The Samaritans were the “untouchables” of the first century. They shared Jewish ancestry, but their lineage was changed through intermarriage with Canaanites and pagans. A Samaritan woman was surprised when Jesus conversed with her since “Jews have no dealings with Samaritans” (John 4: 9). It’s all the more intriguing, then, when Jesus made a Samaritan the hero of one of his most well-known parables.
Jesus said a lone traveler journeyed from Jerusalem to Jericho when he was accosted by thieves, robbed and beaten. Two religious leaders passed that way but chose not to assist the man. It’s often believed that these leaders may have been en route to worship and didn’t want to be defiled by contact with a corpse should the traveler be dead. No doubt they understood the law’s admonition to help strangers, but there’s a difference between knowing and doing.
The Samaritan showed compassion that day when he interrupted his journey to help the wounded man. He applied first aid, then moved the traveler to safety and rest. We forever remember this helper as the “good” Samaritan. Many in the first century would’ve insisted there’s no one like this since all Samaritans were bad.
The point of Jesus’s story is that we’re all called to show compassion to those in need, and to prove our love for our neighbor whoever he or she might be.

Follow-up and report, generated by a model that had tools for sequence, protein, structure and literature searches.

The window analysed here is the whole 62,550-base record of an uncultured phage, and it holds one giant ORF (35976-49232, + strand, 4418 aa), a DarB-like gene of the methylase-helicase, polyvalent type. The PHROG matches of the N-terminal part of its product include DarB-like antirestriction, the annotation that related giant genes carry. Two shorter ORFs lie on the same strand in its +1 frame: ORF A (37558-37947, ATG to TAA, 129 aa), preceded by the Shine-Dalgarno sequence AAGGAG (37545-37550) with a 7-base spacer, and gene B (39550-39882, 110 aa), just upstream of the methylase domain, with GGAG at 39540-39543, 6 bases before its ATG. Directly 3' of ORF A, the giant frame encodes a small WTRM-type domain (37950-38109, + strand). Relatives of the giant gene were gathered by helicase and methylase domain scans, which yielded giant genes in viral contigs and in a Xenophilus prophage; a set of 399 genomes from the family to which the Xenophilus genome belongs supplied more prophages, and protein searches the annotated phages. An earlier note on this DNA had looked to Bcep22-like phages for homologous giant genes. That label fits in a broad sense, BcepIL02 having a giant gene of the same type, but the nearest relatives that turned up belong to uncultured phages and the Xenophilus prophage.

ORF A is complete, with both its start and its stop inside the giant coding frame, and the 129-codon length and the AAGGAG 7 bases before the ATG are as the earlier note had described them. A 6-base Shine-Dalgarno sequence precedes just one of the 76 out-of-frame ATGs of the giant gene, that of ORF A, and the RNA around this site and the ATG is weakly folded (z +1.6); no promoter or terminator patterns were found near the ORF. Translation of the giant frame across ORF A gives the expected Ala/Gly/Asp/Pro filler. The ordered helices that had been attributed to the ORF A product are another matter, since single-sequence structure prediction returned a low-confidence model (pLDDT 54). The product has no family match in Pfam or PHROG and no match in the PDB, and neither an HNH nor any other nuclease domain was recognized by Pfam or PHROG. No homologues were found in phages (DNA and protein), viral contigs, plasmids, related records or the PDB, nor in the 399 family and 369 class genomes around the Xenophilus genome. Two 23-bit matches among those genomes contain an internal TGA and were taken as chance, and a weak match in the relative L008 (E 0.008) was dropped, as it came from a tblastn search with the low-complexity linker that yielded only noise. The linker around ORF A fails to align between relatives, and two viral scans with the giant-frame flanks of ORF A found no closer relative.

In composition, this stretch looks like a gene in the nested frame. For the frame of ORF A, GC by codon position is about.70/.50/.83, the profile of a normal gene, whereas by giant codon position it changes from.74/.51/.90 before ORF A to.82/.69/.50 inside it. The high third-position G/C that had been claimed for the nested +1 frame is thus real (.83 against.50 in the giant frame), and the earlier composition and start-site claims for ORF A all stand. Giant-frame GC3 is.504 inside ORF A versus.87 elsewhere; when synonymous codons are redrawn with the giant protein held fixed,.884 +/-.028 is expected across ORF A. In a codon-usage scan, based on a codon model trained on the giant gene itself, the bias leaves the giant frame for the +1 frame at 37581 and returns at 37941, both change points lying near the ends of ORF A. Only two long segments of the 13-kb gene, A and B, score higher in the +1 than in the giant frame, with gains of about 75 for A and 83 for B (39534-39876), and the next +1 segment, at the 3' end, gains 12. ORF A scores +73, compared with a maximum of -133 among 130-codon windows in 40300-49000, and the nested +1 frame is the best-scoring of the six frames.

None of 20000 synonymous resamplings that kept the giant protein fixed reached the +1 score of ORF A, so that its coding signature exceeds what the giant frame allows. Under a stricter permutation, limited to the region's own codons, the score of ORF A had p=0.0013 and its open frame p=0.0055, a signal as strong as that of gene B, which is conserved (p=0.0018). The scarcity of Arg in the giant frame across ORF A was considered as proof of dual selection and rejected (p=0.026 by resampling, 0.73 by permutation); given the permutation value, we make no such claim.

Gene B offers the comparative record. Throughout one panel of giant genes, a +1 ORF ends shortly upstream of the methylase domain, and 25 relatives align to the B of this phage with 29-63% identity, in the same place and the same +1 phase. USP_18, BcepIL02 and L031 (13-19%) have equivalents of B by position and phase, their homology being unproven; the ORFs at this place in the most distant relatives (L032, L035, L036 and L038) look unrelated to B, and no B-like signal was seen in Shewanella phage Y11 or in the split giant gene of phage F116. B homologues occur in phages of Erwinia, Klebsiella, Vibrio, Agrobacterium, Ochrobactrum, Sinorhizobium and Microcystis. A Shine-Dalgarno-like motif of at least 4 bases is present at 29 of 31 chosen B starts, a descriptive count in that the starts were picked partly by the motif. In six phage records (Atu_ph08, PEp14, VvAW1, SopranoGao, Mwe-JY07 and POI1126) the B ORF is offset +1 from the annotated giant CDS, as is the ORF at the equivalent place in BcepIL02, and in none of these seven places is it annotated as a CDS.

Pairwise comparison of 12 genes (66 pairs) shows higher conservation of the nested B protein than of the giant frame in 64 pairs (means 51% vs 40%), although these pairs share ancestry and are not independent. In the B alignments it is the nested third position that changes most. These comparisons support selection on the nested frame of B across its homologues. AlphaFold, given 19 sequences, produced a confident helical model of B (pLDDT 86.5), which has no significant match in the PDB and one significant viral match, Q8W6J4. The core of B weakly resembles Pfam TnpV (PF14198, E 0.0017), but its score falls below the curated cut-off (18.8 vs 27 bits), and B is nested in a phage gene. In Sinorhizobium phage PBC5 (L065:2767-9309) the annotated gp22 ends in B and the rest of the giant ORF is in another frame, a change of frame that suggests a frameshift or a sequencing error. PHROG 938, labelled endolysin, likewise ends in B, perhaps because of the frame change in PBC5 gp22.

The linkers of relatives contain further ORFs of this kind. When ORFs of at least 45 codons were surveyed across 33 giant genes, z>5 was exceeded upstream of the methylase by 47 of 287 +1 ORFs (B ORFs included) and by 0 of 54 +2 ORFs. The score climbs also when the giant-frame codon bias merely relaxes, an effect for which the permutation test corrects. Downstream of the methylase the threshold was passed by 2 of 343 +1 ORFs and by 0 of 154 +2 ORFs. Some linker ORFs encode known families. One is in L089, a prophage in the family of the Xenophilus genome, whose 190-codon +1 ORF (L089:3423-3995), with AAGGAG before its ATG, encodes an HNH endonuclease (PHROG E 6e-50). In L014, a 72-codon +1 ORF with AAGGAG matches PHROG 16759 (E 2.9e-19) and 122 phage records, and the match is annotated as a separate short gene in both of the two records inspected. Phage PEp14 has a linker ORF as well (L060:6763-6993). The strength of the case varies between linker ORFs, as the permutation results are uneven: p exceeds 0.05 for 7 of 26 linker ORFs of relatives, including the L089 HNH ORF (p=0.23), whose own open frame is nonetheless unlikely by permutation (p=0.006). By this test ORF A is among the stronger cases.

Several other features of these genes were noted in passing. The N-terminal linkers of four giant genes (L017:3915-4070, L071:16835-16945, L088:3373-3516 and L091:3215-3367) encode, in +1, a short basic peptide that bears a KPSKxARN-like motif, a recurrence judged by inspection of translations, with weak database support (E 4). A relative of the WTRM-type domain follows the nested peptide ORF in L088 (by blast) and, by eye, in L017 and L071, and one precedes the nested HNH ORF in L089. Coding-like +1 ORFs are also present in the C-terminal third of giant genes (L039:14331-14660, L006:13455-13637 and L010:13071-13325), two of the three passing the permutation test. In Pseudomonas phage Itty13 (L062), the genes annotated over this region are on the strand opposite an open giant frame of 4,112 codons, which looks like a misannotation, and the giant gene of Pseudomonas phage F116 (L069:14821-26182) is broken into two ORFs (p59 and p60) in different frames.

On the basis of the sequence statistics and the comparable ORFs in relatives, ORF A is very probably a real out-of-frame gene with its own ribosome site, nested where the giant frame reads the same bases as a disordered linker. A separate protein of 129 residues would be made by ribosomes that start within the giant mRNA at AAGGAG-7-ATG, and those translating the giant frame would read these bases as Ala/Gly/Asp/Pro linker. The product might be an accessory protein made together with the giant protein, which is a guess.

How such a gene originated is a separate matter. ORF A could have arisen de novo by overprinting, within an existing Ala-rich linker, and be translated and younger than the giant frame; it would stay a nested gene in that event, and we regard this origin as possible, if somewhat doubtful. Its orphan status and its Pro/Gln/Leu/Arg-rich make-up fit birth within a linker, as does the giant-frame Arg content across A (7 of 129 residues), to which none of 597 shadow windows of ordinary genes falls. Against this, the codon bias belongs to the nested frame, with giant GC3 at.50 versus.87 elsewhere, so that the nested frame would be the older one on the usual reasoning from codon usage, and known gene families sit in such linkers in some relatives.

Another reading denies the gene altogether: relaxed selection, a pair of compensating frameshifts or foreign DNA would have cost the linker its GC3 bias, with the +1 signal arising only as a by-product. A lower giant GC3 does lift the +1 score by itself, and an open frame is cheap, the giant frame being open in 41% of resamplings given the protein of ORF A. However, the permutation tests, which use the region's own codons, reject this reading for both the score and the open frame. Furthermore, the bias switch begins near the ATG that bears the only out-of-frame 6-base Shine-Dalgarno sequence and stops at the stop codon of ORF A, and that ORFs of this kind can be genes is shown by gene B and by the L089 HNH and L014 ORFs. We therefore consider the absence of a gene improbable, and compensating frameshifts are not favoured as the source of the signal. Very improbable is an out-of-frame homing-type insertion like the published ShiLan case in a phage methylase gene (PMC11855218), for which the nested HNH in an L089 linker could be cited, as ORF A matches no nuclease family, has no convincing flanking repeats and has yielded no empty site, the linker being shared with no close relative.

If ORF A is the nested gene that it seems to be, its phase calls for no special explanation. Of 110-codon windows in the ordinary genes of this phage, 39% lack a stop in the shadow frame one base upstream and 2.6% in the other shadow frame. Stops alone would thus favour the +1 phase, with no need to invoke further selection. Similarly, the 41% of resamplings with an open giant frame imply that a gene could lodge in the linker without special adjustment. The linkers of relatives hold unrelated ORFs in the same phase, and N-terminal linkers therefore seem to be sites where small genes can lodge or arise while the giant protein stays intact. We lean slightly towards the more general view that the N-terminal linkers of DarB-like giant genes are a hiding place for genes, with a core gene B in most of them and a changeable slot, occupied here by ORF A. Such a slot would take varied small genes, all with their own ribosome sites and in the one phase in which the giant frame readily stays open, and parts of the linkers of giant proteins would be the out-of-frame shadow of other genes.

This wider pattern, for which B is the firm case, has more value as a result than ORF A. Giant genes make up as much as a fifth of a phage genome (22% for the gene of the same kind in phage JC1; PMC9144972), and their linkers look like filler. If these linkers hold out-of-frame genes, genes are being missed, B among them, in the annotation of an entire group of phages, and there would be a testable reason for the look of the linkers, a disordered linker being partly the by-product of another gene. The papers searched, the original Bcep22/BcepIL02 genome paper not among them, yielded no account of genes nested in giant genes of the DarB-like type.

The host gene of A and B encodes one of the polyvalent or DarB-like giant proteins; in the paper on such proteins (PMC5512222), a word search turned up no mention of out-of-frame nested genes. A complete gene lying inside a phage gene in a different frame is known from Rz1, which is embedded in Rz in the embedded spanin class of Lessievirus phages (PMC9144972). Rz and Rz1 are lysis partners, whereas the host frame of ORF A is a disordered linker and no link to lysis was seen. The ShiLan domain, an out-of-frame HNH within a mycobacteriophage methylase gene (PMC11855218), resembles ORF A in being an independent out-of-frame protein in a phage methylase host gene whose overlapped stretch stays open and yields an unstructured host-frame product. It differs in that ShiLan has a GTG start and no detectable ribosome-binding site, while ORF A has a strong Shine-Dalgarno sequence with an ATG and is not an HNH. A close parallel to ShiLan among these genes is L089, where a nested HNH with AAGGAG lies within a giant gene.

I’ve thought of this story in a new way lately while focusing on the Samaritan’s pharmacy. He poured “oil and wine” into the traveler’s wounds (Luke 10: 34). Wine was used as a disinfectant because of its alcohol content. The oil was like an ointment soothing the bruised and broken wounds in the skin.
I began to think of how this Samaritan’s apothecary might be a good model for brokenness among us.
Today we know the astringent kills germs. When we experience brokenness, we should take the failure first to God asking for his cleansing and wisdom. All of our bad decisions affect our relationship with God, so we must begin here. Solomon wrote, “The one who conceals his sins will not prosper, but whoever confesses and renounces them will find mercy,” (Proverbs 28:13, CSB).
But we also use the ointment of forgiveness to sooth the brokenness with others. The Scripture exhorts us to be kind and forgive one another as God through Christ has forgiven (Ephesians 4:32). Thus the forgiveness standard is pretty high. It’s also true that offering forgiveness is good for the offended. Dr. Lewis Smedes said, “When you release the wrongdoer from the wrong, you cut a malignant tumor out of your inner life. You set a prisoner free, but you discover that the real prisoner was yourself.”